If you take a look at the Last Judgment scene by Gislebertus, the idea would be clearer if we first look at the lintel and examine it from left to right. On the lower edge of the lintel are carved tombs from which the dead are raised by the song of the angels’ horns. In the center, under Christ’s feet, stands an angel with a sword, dividing the elect from the damned. The elect occupy the left side of the lintel. Some are just stepping out of their sarcophagi, others stand in or on them. The figures on the right-hand half of the lintel are the damned and the inscription below the corresponding half of the tympanum reads “Here let fear strike those whom earthly error binds, for their fate is shown by the horror of these figures”. The damned are all shown in the nude. Some cover their faces in terror; a collector with a bag of money hanging round his neck and a snake twined round his body, is clearly screaming. An adulterous woman has two snakes biting her breasts. The figure next to her is being strangled by two enormous claw-like hands. There is the figure of a saint holding a book, probably St. John. Next to him stands the Archangel Michael, with two souls clinging to his garments and seeking protection. The Archangel is weighing souls, and has a devil as his adversary the devil is made to look horrible not only by his monstrous head, tail and claws but by his thin, skinny body, half-human, half- reptile. In contrast to St. Michael whose garments serve as a refuge for souls, the devil drags an unfortunate by the hair while a three-headed snake coils between his legs. The motif of the weighing of souls as it occurs in the tympanum is also closely akin to Byzantine art. Since the subject is so familiar from later Last Judgments, it needs to be emphasized that this is one of its earliest known appearances in the West as part of a fully developed Last Judgment although it had long been a standard feature of the Byzantine Last Judgments. The portrayal of the subject at Autun is markedly similar to the Byzantine type, with demons of sticklike thinness attempting to interfere with the action of the scales.

The Last Judgment’s forms are non-naturalistic, patterned and dependent for their effect on a decorative use of distortion with angular postures and differences in scale. It’s a sculpture that treats most of its forms in an abstract manner, as trapezoids, triangles and circles based on the space they are to fill. The figure of Christ is flat, almost two-dimensionally represented as there is no concern with the proportion of the body. French art historian Henri Focillon has stated that this sculpture takes hold of the naturally chaotic world of man and subjects it to a geometrical order that is completely indifferent to the natural world.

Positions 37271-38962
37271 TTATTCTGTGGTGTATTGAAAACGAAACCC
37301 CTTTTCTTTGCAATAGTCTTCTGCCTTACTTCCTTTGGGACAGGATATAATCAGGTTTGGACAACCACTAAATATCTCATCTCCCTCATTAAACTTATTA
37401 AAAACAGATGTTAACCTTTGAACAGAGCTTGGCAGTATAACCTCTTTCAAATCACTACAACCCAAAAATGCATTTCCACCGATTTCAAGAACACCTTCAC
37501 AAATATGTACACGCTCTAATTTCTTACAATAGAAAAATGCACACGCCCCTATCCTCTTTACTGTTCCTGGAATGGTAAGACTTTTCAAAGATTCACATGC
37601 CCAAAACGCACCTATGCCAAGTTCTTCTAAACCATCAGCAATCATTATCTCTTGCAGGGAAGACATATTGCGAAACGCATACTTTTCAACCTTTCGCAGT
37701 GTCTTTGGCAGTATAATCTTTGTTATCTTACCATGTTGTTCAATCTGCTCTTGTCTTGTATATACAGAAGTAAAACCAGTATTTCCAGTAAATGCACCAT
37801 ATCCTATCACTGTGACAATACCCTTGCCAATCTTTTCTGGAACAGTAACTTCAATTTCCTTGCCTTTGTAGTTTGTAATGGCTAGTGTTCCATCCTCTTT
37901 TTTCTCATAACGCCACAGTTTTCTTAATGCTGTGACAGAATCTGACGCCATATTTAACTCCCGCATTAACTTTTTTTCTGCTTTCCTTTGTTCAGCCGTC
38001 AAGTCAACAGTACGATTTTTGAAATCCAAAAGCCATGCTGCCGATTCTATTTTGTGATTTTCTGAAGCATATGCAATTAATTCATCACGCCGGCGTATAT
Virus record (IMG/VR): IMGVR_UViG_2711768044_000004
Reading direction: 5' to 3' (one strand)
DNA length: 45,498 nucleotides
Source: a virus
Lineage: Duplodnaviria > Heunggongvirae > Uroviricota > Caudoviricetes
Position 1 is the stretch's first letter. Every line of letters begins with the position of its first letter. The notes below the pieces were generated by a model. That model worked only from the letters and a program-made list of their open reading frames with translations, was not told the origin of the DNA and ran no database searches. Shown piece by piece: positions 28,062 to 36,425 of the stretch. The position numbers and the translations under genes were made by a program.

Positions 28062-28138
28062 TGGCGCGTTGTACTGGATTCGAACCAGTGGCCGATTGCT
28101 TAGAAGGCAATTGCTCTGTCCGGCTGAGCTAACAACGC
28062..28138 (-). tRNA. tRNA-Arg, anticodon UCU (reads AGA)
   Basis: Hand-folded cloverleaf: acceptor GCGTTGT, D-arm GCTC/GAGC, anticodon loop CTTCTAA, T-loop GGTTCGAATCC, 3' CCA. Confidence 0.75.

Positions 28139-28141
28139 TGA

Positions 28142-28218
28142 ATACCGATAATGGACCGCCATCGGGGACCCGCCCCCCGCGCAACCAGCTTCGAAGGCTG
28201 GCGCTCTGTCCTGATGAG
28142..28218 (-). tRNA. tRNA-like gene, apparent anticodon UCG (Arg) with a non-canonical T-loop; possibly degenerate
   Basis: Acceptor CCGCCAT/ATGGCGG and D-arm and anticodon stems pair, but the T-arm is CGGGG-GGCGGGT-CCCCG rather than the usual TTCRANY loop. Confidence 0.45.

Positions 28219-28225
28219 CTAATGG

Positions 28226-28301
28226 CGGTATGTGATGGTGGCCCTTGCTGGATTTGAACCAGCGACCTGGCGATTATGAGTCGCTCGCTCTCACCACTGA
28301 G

On the other hand, in Rodin’s Gates of Hell, the turbulent world of man is represented as is with the integration of the characters. More importantly, he helps sculpture recover its modernity by breaking firmly with the search for smoothness and fine finishes. In fact, the door comprises both, parts which are finely worked and finished like Ugolino’s arms and others just beside them which bare rough traces of the sculptor’s shaping fingers. In addition to that, Rodin came up with many innovative ideas in relation to sculpture one of which being the idea of repetition in the shades. All the characters are exactly identical and carved from the same mold. Each is at the slight angle from the others so the various aspects can be seen from a glance without being viewed in the round. The second innovative element is Rodin’s experimental simplification of forms, here he is taking advantage of an accident which lead to the shades losing their hands, he makes no attempt to conceal the amputation it is brutal and the effect is reinforced by the fact that for Rodin as a sculptor, the hands are the most important part of the body and it is shown throughout the rest of his works.